Despite their stromal origin, follicular dendritic cells (FDCs) share many functions with hematopoietic system cells. FDC neoplasms are currently classified by the World Health Organization along with those of a histiocytic nature. However, the molecular alterations driving oncogenesis in FDC sarcomas (FDCSs) are beginning to be unveiled, and do not seem to concur with those described in histiocytic neoplasms, namely MAPK pathway activation.
To identify molecular alterations driving tumorigenesis in FDCS.
We investigated the role of MYC and TP53 in FDC-derived tumor oncogenesis and assessed comprehensively the status of the MAPK pathway in 16 FDCSs, 6 inflammatory pseudotumor (IPT)–like FDCSs, and 8 IPTs.
MYC structural alterations (both amplifications and rearrangements) were identified in 5 of 14 FDCSs (35.7%), all associated with MYC overexpression. TP53 mutations were identified in 4 of 14 FDCSs (28.6%), all of which displayed intense and diffuse p53 expression. None of these alterations were identified in any IPT-like FDCS or in IPT cases. No MAPK pathway gene alterations were identified in any of the cases studied.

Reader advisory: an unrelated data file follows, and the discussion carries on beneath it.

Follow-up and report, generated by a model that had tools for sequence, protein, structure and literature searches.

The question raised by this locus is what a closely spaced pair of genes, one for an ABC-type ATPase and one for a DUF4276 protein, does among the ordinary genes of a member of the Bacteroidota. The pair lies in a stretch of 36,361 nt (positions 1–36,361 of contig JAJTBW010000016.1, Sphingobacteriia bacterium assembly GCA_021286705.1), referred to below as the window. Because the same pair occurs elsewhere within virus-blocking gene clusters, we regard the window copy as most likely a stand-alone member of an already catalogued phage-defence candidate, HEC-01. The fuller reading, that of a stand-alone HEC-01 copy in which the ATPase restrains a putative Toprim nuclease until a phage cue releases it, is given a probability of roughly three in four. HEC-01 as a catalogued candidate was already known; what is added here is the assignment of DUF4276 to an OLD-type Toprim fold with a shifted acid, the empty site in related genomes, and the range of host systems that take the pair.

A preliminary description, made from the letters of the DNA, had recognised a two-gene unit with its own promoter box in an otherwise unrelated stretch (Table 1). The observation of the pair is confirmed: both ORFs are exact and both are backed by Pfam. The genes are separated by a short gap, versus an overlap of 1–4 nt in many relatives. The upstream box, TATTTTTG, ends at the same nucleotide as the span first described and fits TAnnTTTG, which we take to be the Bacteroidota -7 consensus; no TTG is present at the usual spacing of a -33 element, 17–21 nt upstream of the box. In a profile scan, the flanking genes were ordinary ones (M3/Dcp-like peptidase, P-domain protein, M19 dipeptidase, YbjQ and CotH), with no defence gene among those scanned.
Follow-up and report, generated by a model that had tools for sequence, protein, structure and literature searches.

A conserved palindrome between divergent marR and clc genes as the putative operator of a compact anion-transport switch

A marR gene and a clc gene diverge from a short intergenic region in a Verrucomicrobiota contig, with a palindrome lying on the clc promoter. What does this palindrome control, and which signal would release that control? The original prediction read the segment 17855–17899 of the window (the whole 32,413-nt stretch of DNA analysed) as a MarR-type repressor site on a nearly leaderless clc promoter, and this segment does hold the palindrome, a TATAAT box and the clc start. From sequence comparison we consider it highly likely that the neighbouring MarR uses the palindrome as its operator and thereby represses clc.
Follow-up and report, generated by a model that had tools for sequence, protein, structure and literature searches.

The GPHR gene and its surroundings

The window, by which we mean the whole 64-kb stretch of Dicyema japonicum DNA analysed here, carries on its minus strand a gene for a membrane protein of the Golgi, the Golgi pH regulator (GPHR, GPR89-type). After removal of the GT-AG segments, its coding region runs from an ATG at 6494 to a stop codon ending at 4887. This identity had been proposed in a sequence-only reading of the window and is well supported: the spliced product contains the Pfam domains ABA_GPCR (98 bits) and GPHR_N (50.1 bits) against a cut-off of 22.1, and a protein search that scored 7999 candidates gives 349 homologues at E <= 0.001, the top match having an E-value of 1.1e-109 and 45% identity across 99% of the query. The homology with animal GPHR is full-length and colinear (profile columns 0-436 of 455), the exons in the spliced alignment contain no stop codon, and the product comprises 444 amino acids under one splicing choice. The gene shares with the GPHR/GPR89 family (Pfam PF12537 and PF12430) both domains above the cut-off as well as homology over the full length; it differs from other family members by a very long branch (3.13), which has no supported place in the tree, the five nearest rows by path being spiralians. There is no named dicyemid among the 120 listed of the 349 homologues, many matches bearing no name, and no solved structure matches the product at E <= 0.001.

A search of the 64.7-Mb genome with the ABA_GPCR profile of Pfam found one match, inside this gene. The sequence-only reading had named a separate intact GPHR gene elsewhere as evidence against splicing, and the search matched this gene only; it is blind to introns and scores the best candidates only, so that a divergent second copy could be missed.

The presence of MYC and TP53 alterations and the lack of association with Epstein-Barr virus segregate classical FDCS from IPT-like FDCS, pointing at different oncogenic mechanisms in both entities. Our results suggest a possible oncogenic role of MYC and TP53 alterations in FDCS. The absence of MAPK pathway alterations confirms the lack of a significant role of this pathway in the oncogenesis of FDC-derived neoplasms.
The authors have no relevant financial interest in the products or companies described in this article.